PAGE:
If you found your way here from the Ted X Memphis link, hello! You're here about as much as I am these days, but I feel like this blog deserved a bit of an update after going through such a (terrifying, amazing, wonderful) event. Oh and a bit of business - I cuss a lot (not in the Ted talk, though I was tempted when I saw that countdown clock redlining at 0:00) and don't have much of a filter, so if you scroll past this post, just be aware I'm a loving parent who loves the F bomb almost as much as her kids and feels that few topics are taboo. So we're good? Hell yes! Read on, reader!
It was such an honor to be a part of Memphis's inaugural TedX event. Not gonna lie. I got smacked in the face with a big ole dose of Imposter Syndrome when word came that my audition video - shot as a laptop selfie in the front seat of my car minutes before I had to pick the kids up from school - landed me a spot as one of the 17 speakers. How on earth did I, an indie filmmaker and mom, make the cut? Undeniably a large part of it was the topic. "If You Love Them Let Them Go: An Imposter's Guide to Free Range Parenting." It's a conversation we need to have, and I was honored to do my part to start it.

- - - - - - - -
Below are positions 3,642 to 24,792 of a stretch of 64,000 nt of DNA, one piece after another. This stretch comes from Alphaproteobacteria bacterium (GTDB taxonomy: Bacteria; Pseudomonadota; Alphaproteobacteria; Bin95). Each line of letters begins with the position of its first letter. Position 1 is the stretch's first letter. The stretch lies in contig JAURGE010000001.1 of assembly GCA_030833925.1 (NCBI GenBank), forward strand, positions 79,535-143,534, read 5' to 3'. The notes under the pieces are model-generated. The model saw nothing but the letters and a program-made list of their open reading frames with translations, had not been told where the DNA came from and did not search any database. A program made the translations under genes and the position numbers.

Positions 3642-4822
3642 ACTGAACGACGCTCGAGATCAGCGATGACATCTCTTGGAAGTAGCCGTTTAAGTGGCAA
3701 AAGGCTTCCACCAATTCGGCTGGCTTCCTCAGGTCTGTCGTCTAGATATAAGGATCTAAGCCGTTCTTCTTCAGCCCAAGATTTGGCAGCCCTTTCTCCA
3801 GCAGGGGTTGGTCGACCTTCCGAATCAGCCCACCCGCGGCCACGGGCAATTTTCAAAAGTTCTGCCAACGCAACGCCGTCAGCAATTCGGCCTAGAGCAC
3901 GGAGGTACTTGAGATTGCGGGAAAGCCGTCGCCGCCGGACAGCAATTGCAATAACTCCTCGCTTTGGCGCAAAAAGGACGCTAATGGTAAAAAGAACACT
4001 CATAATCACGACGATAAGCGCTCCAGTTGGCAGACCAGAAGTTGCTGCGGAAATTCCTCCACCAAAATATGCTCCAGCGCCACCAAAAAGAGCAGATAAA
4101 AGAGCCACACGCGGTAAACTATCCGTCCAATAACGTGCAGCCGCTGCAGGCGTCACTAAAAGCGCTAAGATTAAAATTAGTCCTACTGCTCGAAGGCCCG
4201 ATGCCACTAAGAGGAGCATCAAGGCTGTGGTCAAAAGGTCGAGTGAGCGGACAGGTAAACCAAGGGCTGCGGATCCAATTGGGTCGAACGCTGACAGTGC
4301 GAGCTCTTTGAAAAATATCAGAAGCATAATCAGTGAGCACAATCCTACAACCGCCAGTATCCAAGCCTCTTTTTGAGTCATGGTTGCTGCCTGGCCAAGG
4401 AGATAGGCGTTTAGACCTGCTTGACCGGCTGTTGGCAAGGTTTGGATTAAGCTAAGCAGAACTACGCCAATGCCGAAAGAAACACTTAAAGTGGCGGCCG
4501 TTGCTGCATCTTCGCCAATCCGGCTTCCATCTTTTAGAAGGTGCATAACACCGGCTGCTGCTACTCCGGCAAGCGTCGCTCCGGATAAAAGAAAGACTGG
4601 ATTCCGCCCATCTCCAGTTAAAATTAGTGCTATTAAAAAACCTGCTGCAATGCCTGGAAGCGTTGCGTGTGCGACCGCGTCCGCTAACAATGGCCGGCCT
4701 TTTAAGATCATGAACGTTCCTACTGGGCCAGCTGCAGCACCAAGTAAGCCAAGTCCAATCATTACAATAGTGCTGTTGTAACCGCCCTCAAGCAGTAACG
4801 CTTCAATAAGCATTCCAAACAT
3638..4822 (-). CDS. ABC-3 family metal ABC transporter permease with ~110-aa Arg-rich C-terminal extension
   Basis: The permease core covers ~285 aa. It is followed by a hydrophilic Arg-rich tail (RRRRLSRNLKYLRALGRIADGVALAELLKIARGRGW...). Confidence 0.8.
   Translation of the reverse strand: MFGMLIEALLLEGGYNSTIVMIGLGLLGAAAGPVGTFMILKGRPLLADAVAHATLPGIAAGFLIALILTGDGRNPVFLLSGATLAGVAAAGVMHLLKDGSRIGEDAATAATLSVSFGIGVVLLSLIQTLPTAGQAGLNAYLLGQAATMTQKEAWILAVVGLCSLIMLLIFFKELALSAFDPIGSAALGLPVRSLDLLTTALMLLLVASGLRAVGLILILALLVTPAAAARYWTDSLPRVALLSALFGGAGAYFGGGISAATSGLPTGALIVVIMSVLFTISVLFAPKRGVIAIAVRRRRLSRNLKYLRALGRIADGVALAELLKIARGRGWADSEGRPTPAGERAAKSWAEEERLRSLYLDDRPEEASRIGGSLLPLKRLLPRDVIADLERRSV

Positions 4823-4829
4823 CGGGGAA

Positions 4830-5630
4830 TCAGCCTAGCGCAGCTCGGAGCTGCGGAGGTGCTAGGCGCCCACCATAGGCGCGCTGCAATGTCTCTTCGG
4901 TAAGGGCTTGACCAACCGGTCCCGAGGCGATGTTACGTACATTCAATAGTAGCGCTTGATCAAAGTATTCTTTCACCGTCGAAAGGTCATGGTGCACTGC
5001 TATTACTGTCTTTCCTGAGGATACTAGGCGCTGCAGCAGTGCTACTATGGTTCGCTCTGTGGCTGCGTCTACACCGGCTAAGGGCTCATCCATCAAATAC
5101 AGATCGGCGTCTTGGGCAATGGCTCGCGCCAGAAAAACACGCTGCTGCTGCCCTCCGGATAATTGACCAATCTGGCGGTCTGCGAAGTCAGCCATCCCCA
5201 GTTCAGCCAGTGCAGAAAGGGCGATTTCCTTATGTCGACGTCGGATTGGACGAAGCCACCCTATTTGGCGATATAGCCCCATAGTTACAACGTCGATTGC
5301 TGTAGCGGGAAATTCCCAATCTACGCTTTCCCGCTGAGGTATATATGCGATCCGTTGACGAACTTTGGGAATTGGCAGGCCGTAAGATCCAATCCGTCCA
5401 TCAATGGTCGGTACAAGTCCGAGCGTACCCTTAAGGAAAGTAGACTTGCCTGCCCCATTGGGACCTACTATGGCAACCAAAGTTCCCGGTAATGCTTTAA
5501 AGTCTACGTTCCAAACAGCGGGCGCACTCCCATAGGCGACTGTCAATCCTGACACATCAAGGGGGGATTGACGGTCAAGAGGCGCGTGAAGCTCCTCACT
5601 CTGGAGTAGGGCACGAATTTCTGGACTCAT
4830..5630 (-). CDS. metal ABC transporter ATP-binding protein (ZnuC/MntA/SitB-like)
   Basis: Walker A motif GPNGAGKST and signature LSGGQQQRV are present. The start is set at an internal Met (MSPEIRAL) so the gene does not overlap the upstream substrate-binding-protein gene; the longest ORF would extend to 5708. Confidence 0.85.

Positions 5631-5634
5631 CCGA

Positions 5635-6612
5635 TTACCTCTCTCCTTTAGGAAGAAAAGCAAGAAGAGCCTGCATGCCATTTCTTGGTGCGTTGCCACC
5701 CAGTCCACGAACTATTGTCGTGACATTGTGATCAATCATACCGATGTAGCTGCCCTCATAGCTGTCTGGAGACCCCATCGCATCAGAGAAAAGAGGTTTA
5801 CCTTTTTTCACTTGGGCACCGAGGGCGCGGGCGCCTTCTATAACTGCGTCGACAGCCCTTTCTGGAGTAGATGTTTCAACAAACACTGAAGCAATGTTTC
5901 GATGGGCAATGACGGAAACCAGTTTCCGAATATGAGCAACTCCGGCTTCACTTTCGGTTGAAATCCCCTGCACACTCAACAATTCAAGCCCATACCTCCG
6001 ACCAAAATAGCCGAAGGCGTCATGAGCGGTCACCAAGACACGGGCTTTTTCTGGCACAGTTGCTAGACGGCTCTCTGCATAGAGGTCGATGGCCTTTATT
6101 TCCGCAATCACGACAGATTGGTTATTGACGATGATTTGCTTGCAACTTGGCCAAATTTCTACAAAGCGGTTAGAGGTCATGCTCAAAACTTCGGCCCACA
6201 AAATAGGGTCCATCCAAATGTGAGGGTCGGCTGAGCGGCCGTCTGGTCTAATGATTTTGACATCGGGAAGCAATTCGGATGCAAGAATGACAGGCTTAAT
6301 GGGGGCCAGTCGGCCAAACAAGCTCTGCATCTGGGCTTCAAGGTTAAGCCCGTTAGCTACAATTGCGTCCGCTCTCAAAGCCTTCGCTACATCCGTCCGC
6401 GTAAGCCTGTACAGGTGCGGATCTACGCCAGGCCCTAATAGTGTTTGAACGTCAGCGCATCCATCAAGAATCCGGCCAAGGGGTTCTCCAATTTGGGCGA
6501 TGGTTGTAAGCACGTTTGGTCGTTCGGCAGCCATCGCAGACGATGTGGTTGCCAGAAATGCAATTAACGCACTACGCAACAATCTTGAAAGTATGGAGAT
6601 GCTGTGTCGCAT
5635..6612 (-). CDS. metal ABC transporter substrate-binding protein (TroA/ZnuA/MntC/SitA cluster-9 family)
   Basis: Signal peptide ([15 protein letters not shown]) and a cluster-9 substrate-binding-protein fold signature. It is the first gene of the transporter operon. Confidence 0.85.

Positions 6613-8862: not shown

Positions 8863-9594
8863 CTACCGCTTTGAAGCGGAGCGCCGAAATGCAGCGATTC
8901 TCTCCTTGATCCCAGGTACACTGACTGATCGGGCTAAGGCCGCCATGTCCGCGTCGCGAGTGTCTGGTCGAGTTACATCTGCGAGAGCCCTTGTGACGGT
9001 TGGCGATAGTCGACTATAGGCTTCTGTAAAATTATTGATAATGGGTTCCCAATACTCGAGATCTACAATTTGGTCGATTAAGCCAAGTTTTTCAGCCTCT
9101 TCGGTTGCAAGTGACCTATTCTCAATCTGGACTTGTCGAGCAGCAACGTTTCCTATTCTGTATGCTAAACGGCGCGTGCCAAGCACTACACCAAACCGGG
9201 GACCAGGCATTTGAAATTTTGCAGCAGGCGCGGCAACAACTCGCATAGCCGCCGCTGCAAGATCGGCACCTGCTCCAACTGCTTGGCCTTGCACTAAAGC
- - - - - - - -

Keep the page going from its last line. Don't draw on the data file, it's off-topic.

How many of us have reminisced about our childhood, crediting our ability to explore unsupervised as one of the hallmarks of that time period, only to realize that we are too frightened of the world now to let our children explore it? And, ironically, what kind of damage are we doing by keeping them close?
You can watch the movie that I made about the unwitting dangers of helicopter parenting, JOHN'S FARM, right here.
The article by David Derbyshire that I referenced in my talk can be found here. The article contains a map that we approximated in the TedX talk. It's not a perfect match, but it got the idea across. 100 years ago, an eight year old child had literal miles to explore.
Today they have less than 300 yards.
And when some parents try to give their kids that same freedom to explore, they are getting arrested.
We are failing our kids.
I don't have any clear cut solutions beyond just doing my part at home. I'm making a point of knowing my neighbors. Of letting my eight year old daughter gain much needed confidence by exploring her neighborhood. Tomorrow. We'll start tomorrow,
I did say that I was a hypocrite, right?